The Clean energy home series (Part 2): What is a heat pump water heater?
The second edition in a series on how to electrify your home and transition to appliances that can run on renewable energy
Our clean energy intern Adelina Sederman writes about the benefits of clean efficient heat pump water heaters for controlling water temperature. Check out Adalina’s other blogs in this series on heat pumps for heating and cooling, induction stoves, and everything else.
In my basement, we have an oil tank that heats our water and doubles as a sleeping spot for our cat Mochie. While Mochie is a joy in my life, burning fossil fuels in my home is certainly not. Unfortunately, I and many other Americans with oil tanks or gas water heaters rely on fossil fuel-powered appliances for everything from a hot shower to a lukewarm hand-wash.
But there is a solution that could make our homes run on renewable energy while still providing a warm sleeping spot for the Mochies of the world: heat pump water heaters.
Most American households have what’s called a conventional storage tank water heater. This appliance heats water and stores it so there is hot water ready to go whenever you need it. Today, most of those hot water heaters are powered by fossil fuels like methane gas, propane or fuel oil. This is particularly troubling because heating water is one of the most energy-intensive things we do in our homes. In fact, nearly 20% of home energy goes into heating water alone.
At a time when we know we must shift to clean renewable energy as quickly as possible, it’s a big problem that so many of us are burning dirty and dangerous fossil fuels for one-fifth of our home energy.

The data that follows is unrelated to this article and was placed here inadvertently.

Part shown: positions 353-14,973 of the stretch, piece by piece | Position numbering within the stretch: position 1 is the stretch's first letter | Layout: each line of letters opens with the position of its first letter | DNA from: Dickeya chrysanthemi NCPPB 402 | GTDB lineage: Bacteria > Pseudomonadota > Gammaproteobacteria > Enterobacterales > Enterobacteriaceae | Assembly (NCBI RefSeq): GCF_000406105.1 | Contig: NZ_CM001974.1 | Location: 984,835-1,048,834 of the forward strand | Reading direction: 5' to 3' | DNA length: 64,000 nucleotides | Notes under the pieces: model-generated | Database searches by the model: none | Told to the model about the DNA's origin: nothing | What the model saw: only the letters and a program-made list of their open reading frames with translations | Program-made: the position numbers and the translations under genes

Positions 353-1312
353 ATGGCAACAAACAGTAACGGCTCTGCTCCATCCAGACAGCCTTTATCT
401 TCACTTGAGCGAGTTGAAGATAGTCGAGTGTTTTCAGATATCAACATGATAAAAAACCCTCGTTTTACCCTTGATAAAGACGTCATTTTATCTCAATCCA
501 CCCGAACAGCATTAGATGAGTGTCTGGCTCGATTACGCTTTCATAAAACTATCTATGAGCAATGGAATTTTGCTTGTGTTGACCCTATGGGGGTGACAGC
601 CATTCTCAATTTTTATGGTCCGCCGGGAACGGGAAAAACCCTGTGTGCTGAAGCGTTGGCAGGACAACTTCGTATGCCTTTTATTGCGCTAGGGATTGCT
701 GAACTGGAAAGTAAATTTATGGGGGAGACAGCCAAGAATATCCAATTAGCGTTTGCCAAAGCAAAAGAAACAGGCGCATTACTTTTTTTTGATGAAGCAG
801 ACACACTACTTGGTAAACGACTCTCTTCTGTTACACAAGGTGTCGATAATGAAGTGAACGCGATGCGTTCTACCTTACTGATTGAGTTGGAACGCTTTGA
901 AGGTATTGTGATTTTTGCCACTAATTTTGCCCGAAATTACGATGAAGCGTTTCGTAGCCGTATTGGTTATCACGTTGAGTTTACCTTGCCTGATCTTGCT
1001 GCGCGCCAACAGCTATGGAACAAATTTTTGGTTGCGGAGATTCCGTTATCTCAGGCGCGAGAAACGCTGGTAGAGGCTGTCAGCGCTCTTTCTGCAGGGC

Thankfully, there is a cleaner way to heat water – a heat pump water heater, also known as a hybrid water heater. Just like their fossil fuel counterparts, heat pump water heaters can heat water and store it for later use. The key difference is that instead of burning fossil fuels, a heat pump uses electric technology, which is more efficient and can be powered by clean renewable energy from the sun and the wind.
Advances in this electric technology in recent years have made it more efficient and better than ever before. Heat pump hot water systems have evolved to withstand extreme temperatures, making them suitable for all environments. They are also built to last 13-15 years, which is much longer than the lifespan of conventional electric water heaters.
Like heat pump HVAC systems (which I wrote about in our first blog in this series), water heater heat pumps use heat from the air or ground to heat water. This method is so efficient that it uses up to 63% less electricity than conventional water heating systems, which can lower home energy use, reduce carbon emissions and decrease your electricity bill.
To successfully electrify every home in America, we need to ensure water is heated efficiently and without fossil fuels. So when your water heater needs a replacement, look to install a hybrid system that lasts longer and uses less energy. As an added bonus for those with rooftop solar panels, a heat pump water heater can be one more appliance that runs on increasingly clean electricity that you are generating. Just think: Your hot showers could be powered entirely by sunlight.
How can new federal tax credits help you get a heat pump water heater?
New federal clean energy tax credits can help reduce the cost of getting a heat pump water heater. The tax credits cover 30% of the cost of the project, up to $2,000. Heat pump water heaters that have earned the ENERGY STAR rating that are purchased and installed between January 1, 2023, and December 31, 2032 are eligible for this tax credit. You can find additional resources here.
You have the power: how to electrify your home with new tax credits
Heat pumps: how federal tax credits can help you get one
Senior Director, Campaign for 100% Renewable Energy, Environment America Research & Policy Center
Johanna directs strategy and staff for Environment America's energy campaigns at the local, state and national level. In her prior positions, she led the campaign to ban smoking in all Maryland workplaces, helped stop the construction of a new nuclear reactor on the shores of the Chesapeake Bay and helped build the support necessary to pass the EmPOWER Maryland Act, which set a goal of reducing the state’s per capita electricity use by 15 percent. She also currently serves on the board of Community Action Works. Johanna lives in Amherst, Massachusetts, with her family, where she enjoys growing dahlias, biking and the occasional game of goaltimate.
Clean energy intern